APPENDIX: Three Budget Strategies: Sensitivity Analysis, Kaizen Budgeting, and Activity-Based Budgets 204 Summary Points 207 | Terms to Learn 207 | Assignment Material 208 | Short-Answer Questions 208 | Exercises 208 | Problems 213 | Collaborative Learning Cases 223
VIII ● CONTENTS
7 Flexible Budgets, Variances, and Management Control: I 226 Keeping It Real
The 5 DM Framework and Variance Analyses 227 Static and Flexible Budgets 227 The Costing System At Webb Company 228 Static-Budget Variances 229 Developing a Flexible Budget From the Cost MIS 231 Flexible-Budget Variances and Sales-Volume Variances 232 Direct Variable Rate and Efficiency Variances 235 An Illustration of Rate and Efficiency Variances for Inputs 236 Rate Variances 237 Efficiency Variances 238 Presentation of Rate and Efficiency Variances for Inputs 239 Flexible Budgeting and Activity-Based Costing 241 Relating Batch Costs to Product Output 242 Rate and Efficiency Variances 243 Focus On Hierarchy 243 Managerial Uses of Variance Analyses 244 Performance Evaluation 244 Financial and Nonfinancial Performance Measures 244 When to Investigate Variances 245 Continuous Improvement 245 Concepts in Action: Starbucks Reduces Direct-Cost Variances to Brew a Turnaround Impact of Inventories 247 Pulling It All Together—Problem for Self-Study 247
APPENDIX 7A: Budgets, Benchmarks, and Standards 249 APPENDIX 7B: Mix and Yield Level 4 Variances for Substitutable Inputs 254 Summary Points 258 | Terms to Learn 259 | Assignment Material 259 | Short-Answer Questions 259 | Exercises 260 | Problems 265 | Collaborative Learning Cases 273
8 Flexible Budgets, Variances, and Management Control: II 275 Tracking Performance
Flexible-Budget MOH Cost Variances 276 The 5DM Framework and Overhead Costs 277 Assigning Fixed Manufacturing Overhead at Webb 278 Fixed Overhead Cost Variance Calculation and Analysis 278 Production-Volume Variance Calculation and Analysis 279 Journal Entries for Fixed Overhead Costs and Variances 282 Concepts in Action: Cost Allocation Base Denominator Decision: There Is a Right Way
Flexible-Budget Variable Overhead Variances 284 Variable Overhead Cost Variance Calculations and Analyses 285 Level 2 Variable Manufacturing Overhead Variance Analysis 286 Level 3 Variable Manufacturing Overhead Rate and Efficiency Variances 287 Journal Entries for Variable Overhead Costs and Variances 290 Activity-Based Costing and Variance Analysis 291 ABC Variance Analyses 291 ABC Variance Analysis for Fixed Manufacturing Overhead Cost 293 Summary of All Overhead Cost Variances 294 Concepts in Action: Interdependencies and Shared Benefits Non-manufacturing Variance Analysis 297 Nonfinancial Performance Measures 297 Pulling It All Together—Problem for Self-Study 300 | Summary Points 302 | Terms to Learn 303 | Assignment Material 303 | Short-Answer Questions 303 | Exercises 303 | Problems 308 | Collaborative Learning Cases 316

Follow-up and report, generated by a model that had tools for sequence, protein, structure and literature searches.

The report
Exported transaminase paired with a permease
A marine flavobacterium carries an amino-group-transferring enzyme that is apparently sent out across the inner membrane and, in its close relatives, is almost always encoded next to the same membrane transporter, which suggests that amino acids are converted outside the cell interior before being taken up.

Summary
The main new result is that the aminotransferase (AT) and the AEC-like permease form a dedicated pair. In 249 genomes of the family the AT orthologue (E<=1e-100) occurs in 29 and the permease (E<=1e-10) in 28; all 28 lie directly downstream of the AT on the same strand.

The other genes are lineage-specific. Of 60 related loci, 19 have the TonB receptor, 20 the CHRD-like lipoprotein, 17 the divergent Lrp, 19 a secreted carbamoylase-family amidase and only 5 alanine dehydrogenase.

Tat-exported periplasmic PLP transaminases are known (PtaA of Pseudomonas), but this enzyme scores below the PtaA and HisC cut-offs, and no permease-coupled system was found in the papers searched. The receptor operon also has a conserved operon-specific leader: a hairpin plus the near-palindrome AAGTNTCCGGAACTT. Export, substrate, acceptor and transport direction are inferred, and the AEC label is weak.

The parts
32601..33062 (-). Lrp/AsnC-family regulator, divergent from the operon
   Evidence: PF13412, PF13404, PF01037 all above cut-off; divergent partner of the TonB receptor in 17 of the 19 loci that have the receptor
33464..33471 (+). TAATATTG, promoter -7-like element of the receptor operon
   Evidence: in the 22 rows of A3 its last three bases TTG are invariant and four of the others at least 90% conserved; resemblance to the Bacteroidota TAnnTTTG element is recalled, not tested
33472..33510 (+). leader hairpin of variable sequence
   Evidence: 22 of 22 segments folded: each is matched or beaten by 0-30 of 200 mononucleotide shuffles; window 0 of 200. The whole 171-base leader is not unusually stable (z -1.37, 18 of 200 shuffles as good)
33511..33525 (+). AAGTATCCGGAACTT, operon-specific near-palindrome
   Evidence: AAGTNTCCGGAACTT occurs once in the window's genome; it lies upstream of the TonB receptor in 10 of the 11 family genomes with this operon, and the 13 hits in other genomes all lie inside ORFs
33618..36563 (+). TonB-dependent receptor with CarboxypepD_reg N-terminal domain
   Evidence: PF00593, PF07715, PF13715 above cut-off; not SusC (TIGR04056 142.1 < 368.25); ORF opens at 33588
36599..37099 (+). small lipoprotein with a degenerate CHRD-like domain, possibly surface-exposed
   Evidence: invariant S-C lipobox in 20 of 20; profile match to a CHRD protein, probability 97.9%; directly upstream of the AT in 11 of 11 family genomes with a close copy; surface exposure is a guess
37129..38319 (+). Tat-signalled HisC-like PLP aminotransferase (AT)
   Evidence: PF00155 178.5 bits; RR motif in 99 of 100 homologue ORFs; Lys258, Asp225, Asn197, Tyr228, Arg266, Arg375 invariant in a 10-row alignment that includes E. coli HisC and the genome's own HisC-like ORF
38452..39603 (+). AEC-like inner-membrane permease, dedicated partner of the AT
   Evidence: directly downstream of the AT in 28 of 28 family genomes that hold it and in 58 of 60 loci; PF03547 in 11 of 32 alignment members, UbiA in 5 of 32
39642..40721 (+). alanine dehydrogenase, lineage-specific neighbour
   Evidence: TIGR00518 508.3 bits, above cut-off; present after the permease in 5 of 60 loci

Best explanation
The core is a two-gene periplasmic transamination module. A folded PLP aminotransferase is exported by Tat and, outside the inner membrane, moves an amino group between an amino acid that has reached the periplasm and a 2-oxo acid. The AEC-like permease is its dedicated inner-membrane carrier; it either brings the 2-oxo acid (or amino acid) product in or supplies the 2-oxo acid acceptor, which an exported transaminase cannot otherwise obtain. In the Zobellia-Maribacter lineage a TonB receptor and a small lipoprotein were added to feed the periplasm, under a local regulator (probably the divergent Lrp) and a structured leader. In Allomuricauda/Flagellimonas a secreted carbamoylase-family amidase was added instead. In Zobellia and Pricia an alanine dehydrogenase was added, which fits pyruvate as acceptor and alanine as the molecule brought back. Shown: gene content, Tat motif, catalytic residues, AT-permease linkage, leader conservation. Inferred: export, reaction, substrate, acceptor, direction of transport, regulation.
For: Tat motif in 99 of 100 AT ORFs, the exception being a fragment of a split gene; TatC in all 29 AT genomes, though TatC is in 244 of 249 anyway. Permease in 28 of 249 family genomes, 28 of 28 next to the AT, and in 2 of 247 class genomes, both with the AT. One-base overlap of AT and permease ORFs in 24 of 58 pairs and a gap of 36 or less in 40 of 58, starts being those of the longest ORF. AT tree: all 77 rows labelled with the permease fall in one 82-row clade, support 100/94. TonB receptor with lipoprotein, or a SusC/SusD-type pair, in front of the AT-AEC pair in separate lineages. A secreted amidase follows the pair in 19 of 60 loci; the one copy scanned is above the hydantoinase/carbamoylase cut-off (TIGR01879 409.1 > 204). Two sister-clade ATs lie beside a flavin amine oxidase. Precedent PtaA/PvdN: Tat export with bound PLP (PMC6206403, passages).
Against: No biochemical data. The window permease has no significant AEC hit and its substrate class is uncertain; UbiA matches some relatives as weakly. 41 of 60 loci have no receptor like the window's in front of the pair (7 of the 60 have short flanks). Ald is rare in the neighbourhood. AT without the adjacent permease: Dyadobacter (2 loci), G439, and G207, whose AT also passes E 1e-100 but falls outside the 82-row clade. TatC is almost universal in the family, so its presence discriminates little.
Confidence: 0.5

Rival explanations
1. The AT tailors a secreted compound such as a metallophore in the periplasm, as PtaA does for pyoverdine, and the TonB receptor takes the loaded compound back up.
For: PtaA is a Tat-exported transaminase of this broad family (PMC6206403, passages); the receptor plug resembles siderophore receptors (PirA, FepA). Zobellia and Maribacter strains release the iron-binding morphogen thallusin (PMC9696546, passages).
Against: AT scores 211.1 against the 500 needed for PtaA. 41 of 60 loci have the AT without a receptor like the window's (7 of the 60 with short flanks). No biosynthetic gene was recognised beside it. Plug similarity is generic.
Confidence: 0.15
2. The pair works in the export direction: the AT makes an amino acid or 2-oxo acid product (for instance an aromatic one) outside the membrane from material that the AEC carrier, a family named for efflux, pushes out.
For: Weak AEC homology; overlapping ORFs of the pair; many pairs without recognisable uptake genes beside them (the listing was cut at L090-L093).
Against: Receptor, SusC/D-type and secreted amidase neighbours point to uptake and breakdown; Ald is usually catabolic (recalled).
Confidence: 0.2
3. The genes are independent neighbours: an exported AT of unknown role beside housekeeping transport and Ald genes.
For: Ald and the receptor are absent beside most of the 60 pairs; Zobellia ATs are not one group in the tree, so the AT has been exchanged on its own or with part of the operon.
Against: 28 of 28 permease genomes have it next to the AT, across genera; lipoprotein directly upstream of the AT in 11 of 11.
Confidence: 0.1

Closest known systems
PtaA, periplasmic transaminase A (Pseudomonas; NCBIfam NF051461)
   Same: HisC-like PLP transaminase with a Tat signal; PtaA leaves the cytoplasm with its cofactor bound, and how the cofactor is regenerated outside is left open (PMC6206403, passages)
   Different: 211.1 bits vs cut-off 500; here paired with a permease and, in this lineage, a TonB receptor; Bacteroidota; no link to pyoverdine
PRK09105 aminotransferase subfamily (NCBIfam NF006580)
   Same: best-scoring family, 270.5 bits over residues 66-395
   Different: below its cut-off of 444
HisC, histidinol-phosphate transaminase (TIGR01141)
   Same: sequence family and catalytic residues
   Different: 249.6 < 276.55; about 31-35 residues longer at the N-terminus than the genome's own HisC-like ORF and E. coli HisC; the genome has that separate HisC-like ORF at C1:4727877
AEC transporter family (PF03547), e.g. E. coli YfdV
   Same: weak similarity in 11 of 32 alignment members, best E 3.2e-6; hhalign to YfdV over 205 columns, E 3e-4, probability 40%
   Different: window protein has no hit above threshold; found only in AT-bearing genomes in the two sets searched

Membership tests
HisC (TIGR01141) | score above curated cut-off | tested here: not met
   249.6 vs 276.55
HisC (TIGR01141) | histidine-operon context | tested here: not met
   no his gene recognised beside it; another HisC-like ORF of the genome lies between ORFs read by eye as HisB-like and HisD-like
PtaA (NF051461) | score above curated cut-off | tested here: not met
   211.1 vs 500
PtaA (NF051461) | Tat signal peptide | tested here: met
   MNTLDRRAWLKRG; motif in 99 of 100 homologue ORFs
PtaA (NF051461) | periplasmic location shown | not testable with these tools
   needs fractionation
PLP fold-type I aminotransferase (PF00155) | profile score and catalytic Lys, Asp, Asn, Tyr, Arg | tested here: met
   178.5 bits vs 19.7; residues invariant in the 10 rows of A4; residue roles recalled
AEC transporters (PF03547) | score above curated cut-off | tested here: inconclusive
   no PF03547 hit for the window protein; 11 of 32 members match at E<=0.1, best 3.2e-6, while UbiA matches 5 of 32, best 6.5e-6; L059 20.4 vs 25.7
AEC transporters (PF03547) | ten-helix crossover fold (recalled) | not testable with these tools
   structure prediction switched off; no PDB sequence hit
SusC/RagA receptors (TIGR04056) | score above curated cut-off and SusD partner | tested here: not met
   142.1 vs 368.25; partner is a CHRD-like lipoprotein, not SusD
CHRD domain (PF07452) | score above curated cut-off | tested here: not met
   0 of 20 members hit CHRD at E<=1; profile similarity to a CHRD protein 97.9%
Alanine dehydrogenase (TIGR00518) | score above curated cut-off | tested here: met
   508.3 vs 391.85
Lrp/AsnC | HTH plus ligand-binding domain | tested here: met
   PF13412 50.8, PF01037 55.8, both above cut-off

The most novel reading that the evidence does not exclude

9 Income Effects of Denominator Level on Inventory Valuation 318 Capacity-Level Choices
Denominator Levels: A Complex Decision with Complex Effects 319 The Decision Framework and Denominator Choice 321 Effects on Reporting, Costing, Pricing, and Evaluation 323 Product Costing 325 Product Pricing: the Downward Demand Spiral 326 Concepts in Action: Denominator-Level Choice Reflects Recoverable Costs in Strategic Pricing Performance Evaluation 328 Capacity Decisions and Denominator-Level Issues 328 Inventory Valuation and Operating Income 329 Absorption and Variable Inventory Valuation Assumptions 329 Comparison of Standard Variable Costing and Absorption Costing 331 Concepts in Action: Capacity at Nissan Comparative Statements of Comprehensive Income 334 Explaining Differences in Operating Income 336 Effect of Sales and Production on Operating Income 337 Performance Evaluation: Undesirable Buildup of Inventories 338 Pulling It All Together—Problem for Self-Study 340 | Summary Points 341
APPENDIX 9B: Breakeven Under Two Costing Policies 344 Terms to Learn 346 | Assignment Material 346 | Short-Answer Questions 346 | Exercises 347 | Problems 350 | Collaborative Learning Cases 357
Part Three Cost Information For Decisions 359 10 Analysis of Cost Behaviour 359 Cisco Understands Its Costs While Helping the Environment
Basic Assumptions and Examples of Cost Functions 360 Basic Assumptions 360 Linear Cost Functions 360 Cost Classification: Choice of Cost Object 361 The Cause-and-Effect Criterion 362 Cost Drivers and the Decision-Making Process 363 Cost Estimation Methods 363 Industrial Engineering Method 363 Conference Method 364 Account Analysis Method 364 Quantitative Analysis Method 365 Steps in Estimating a Cost Function Using Quantitative Analysis 365 The High–Low Method Compared to Regression Analysis 367 Nonlinear Cost Functions 369 Time as a Cost Driver and as a Competitive Tool 370 Customer-Response Time and On-Time Performance 370 Time as a Cost and Performance Driver 371 Relevant Costs of Time 372 Relevant Revenues of Time 373 Quality as an Element of Cost 374 Analyzing Quality 375 Concepts in Action: What Does It Cost to Send a Text Message? Data Collection and Adjustment Issues 379